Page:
Your more recent novel, My Favourite Wife, was bashed by critics, yet you spent nearly twice as long on it as you did on bestseller Man and Boy. Why do you think it didn’t translate?
It would make commercial sense to me to just write books recognisable in a certain part of England, but I’m interested in the world and I travel a lot, and I don’t want my books to be just about a few streets in north London. The book I’m writing at the moment is set in Phuket in Thailand. A year or so ago, my publishers were very keen for me to write a novel set in Dubai. The fact that I’d never been to Dubai was a bit of a drawback, so I think that’s one of the reasons they wanted me to come here.
Tony Parsons speaks on Saturday 12 March at 10.30am at the InterContinental, Dubai Festival City.

Mohammed Hasan Alwan

We quiz the up-and-coming Saudi author on the challenges of writing.

What will you will be doing at the litfest?
I'm scheduled for the Ones to Watch event, which deals with young writers. The event aims to shed light on our journey of writing and how we got noticed.

Tell us about your book, Saqf Elkefaya.What was the thinking behind it and what issues are you trying to convey?
It’s about an unsuccessful love story in Riyadh, Saudi Arabia. The idea behind it is that despite how [Saudi] society frowns on love, it can still grow as ordinarily as it does everywhere else, yet has different fates.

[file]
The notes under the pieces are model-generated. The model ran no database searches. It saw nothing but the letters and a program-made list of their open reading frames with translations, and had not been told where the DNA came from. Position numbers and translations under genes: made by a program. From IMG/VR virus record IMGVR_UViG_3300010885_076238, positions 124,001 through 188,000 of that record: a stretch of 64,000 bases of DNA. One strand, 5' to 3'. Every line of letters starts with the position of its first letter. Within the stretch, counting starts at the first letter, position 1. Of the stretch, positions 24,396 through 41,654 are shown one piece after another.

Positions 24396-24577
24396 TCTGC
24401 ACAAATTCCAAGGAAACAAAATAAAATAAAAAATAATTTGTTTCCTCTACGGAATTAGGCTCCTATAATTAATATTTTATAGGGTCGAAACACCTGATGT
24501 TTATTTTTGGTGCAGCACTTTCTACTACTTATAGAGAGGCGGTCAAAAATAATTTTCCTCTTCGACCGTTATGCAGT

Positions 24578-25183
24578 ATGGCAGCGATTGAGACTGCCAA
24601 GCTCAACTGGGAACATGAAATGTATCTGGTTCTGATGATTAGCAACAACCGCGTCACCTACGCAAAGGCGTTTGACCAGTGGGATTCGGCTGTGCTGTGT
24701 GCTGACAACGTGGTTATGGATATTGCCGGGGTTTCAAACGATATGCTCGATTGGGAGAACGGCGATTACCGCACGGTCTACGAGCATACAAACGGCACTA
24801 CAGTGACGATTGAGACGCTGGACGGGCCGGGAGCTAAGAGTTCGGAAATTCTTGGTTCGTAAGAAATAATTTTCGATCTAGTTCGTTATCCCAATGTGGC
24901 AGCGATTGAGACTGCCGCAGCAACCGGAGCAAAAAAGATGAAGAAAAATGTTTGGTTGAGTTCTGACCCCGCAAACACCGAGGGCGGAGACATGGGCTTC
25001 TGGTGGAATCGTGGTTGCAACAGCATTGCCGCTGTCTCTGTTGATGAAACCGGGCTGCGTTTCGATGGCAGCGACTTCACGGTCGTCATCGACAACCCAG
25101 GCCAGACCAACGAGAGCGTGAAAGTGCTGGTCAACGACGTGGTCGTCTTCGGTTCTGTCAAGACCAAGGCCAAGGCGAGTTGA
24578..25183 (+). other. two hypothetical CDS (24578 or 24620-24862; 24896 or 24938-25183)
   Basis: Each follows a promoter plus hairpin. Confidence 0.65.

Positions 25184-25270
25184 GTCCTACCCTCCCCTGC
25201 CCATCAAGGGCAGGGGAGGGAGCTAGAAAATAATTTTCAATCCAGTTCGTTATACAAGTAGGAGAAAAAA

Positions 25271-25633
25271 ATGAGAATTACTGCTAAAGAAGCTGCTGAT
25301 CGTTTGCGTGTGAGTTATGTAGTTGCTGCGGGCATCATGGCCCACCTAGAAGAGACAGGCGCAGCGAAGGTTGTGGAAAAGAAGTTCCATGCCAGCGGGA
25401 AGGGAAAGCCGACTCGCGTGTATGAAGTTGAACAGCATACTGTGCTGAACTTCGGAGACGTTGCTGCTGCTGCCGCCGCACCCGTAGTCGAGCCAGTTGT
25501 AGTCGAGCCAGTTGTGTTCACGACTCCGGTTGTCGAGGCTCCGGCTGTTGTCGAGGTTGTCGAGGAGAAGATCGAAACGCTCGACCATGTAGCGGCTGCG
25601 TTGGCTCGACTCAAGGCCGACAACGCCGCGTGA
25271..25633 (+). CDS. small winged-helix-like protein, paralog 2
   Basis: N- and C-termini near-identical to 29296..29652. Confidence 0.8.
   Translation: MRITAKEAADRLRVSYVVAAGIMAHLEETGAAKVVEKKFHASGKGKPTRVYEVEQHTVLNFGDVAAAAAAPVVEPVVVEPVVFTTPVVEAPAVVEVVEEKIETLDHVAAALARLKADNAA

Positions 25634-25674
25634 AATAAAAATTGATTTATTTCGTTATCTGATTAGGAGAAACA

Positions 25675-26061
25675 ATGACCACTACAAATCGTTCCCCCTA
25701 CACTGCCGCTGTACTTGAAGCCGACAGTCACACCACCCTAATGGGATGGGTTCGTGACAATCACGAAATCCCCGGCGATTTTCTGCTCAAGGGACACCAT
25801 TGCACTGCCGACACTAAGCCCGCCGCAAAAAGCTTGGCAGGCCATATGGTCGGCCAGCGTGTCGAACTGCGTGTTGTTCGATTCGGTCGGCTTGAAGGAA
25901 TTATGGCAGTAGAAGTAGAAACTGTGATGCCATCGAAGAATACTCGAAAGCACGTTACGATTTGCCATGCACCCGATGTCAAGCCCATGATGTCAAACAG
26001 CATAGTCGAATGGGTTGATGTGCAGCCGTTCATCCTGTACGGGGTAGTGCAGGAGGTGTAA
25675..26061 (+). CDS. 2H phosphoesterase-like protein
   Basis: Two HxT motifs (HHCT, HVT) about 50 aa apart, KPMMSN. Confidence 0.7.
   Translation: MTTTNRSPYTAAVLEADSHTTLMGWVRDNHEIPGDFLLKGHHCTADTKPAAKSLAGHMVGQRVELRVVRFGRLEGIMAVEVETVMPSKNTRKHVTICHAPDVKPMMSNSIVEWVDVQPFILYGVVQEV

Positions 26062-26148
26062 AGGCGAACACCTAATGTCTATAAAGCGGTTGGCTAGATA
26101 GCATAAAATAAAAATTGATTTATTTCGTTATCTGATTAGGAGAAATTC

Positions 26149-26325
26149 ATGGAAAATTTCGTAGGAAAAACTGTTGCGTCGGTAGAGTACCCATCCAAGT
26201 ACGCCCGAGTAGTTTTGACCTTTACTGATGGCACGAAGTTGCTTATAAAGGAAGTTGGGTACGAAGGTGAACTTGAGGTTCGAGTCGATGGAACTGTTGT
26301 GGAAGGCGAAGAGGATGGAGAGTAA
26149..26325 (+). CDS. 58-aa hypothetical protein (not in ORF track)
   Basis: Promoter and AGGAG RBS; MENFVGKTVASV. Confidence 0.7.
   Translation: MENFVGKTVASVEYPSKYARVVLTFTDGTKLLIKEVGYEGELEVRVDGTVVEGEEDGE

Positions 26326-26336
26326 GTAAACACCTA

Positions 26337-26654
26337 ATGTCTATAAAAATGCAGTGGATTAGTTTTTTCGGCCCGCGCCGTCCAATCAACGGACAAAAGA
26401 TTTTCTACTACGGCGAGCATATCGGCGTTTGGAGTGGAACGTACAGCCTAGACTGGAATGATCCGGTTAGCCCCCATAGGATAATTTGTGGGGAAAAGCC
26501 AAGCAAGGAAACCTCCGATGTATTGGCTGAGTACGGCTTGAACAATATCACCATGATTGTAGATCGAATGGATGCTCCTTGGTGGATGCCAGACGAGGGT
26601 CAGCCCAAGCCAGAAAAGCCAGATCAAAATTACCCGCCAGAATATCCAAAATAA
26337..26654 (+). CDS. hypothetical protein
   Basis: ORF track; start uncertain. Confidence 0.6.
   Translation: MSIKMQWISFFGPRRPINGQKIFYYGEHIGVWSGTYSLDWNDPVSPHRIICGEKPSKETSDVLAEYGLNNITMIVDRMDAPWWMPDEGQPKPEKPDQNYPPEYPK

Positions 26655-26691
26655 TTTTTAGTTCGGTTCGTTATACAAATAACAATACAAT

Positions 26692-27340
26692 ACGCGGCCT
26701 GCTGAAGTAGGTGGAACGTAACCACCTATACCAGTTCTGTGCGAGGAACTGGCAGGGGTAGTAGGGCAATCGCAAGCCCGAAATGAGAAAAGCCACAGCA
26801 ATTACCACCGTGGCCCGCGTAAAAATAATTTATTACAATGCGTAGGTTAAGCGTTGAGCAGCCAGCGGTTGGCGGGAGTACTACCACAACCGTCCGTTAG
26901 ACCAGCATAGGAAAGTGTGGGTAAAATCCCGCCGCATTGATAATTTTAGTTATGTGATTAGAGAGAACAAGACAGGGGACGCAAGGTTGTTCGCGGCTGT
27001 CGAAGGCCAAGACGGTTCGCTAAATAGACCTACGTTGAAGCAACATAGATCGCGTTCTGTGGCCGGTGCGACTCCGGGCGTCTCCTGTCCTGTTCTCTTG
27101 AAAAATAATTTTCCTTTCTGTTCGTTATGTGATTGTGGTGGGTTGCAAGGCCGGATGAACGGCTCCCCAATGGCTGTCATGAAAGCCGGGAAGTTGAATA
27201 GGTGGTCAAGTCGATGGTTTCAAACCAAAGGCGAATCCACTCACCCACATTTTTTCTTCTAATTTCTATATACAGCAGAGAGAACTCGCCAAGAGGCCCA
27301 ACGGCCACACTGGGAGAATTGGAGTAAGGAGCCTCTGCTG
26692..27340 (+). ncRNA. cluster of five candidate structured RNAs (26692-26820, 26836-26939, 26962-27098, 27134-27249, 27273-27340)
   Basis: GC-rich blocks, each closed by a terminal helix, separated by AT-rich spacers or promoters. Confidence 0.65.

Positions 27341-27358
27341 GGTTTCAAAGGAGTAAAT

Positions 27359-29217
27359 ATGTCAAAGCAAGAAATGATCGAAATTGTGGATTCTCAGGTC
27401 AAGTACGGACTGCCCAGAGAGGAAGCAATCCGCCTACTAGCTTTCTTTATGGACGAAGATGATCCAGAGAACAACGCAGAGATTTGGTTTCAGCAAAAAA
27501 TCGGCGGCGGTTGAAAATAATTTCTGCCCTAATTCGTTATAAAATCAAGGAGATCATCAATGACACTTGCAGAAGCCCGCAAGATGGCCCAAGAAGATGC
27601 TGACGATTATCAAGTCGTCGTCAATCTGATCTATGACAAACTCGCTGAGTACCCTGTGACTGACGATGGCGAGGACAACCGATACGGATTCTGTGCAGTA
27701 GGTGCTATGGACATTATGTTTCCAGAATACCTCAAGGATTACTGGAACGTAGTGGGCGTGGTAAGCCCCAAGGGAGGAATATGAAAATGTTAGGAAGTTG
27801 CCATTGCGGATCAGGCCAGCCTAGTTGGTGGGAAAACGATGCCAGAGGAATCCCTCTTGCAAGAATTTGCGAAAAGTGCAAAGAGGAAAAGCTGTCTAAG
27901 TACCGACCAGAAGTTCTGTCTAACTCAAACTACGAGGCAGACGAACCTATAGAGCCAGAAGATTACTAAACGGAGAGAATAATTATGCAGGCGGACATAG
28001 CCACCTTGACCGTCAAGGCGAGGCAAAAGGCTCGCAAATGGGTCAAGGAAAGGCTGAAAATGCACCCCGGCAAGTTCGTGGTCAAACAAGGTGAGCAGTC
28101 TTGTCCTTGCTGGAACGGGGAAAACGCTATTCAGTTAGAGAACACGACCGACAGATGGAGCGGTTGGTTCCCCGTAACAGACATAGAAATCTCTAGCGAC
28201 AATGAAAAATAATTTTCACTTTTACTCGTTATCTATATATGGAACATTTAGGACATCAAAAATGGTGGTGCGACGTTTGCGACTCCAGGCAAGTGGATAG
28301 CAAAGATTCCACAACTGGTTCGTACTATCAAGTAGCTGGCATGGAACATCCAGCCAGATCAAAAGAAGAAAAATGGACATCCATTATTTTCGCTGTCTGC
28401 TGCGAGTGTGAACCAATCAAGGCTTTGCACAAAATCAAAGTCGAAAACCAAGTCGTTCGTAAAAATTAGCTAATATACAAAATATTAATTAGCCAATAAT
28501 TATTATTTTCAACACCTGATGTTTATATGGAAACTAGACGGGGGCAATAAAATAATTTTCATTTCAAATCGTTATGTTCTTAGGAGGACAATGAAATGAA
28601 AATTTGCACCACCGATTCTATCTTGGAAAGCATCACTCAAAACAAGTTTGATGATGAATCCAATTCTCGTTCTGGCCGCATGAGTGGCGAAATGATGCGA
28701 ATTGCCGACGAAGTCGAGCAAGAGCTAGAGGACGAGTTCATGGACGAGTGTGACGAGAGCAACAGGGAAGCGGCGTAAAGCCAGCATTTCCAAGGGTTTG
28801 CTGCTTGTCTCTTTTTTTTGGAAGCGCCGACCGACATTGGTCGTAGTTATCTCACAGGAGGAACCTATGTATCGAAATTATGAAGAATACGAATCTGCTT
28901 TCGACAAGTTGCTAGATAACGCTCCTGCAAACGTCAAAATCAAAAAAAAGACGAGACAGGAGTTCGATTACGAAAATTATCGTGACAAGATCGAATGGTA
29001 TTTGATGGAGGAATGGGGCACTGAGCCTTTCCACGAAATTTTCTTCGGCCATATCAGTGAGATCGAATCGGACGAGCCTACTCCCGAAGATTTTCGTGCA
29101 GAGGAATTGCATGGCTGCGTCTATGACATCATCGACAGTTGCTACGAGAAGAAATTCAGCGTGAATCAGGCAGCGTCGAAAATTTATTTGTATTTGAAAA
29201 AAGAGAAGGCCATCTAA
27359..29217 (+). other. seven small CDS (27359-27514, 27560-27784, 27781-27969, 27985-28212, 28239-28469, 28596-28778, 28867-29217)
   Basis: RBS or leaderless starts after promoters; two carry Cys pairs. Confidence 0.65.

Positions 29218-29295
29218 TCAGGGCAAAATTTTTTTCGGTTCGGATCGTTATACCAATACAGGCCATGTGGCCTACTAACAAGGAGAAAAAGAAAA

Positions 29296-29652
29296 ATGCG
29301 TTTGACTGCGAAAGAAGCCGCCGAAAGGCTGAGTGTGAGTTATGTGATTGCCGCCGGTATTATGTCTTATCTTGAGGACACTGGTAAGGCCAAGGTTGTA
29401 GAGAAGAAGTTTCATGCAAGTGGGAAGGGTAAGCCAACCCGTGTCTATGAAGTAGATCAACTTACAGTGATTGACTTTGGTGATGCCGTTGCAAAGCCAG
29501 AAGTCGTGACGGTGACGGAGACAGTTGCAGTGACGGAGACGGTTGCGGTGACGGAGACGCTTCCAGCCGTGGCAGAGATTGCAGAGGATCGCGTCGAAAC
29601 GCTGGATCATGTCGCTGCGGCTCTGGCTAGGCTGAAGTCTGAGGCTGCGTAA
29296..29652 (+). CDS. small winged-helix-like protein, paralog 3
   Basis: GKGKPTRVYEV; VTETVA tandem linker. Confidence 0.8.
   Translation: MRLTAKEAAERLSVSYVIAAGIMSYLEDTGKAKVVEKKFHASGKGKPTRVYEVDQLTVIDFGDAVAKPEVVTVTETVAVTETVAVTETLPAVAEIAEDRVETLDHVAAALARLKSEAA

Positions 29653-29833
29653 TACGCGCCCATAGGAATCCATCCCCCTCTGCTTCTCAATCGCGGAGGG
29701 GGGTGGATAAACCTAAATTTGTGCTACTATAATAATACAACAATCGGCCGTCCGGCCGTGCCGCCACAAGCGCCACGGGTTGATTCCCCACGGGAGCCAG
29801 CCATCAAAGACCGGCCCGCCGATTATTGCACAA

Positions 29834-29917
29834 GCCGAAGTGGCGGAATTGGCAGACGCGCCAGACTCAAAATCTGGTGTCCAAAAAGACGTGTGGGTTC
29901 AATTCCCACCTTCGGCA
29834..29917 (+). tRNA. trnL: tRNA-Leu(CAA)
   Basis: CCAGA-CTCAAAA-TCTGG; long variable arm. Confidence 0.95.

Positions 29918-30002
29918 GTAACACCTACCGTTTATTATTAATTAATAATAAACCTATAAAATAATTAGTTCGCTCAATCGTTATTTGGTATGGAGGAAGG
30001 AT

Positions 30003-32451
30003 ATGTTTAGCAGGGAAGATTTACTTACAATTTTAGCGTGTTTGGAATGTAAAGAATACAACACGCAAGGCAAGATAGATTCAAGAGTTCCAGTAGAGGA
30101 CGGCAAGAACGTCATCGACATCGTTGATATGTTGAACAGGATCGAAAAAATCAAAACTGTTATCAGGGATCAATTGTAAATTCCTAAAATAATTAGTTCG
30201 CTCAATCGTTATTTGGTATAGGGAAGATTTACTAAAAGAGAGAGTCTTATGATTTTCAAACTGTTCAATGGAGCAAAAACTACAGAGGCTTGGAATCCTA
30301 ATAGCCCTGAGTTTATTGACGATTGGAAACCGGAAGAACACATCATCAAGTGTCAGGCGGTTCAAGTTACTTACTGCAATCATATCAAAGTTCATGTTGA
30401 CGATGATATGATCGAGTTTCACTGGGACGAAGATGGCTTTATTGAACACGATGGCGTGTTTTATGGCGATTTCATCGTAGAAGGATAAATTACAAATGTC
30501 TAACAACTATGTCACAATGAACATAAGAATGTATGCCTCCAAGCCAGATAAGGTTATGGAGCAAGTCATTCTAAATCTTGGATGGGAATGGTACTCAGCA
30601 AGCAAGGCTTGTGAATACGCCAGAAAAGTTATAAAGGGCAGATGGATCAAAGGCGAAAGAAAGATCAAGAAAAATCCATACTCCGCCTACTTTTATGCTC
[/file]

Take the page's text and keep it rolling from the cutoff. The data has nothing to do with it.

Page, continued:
Most Saudi writers, when touching controversial subjects, choose to remain anonymous. Why did you decide to reveal your identity, and what impact has this had on your personal life?
Male writers in Saudi Arabia, as in many countries, are less judged on what they write than their female counterparts. Therefore they enjoy relatively more social freedom in terms of expressing controversial subjects within limitations. We see an increasing number of writers from both genders who try to challenge those restrictions and speak their minds. To me, writing is a bond between people on an intellectual, spiritual and emotional level, and it would make no sense if one end of this connection was anonymous.

You studied in the US. Has your time their blinkered your perception of Saudi?
Not at all. In fact, it did quite the opposite at many levels. It helped me think outside the box by situating me in a context where I can hold a positive comparison between two cultures and two societies. Also, being a Saudi in post-9/11 America made me a target of critical and inquisitive questions about my country. Those questions motivated me to investigate the roots of everything that I grew up with and took for granted, and try to explain it in a rational context among a diverse cultural background.
Mohammed Hasan Alwan speaks on Saturday March 12 at 6pm at the InterContinental, Dubai Festival City.

Festival highlights

Don’t even think about missing these events.

An evening with Michael Palin and Wole Soyinka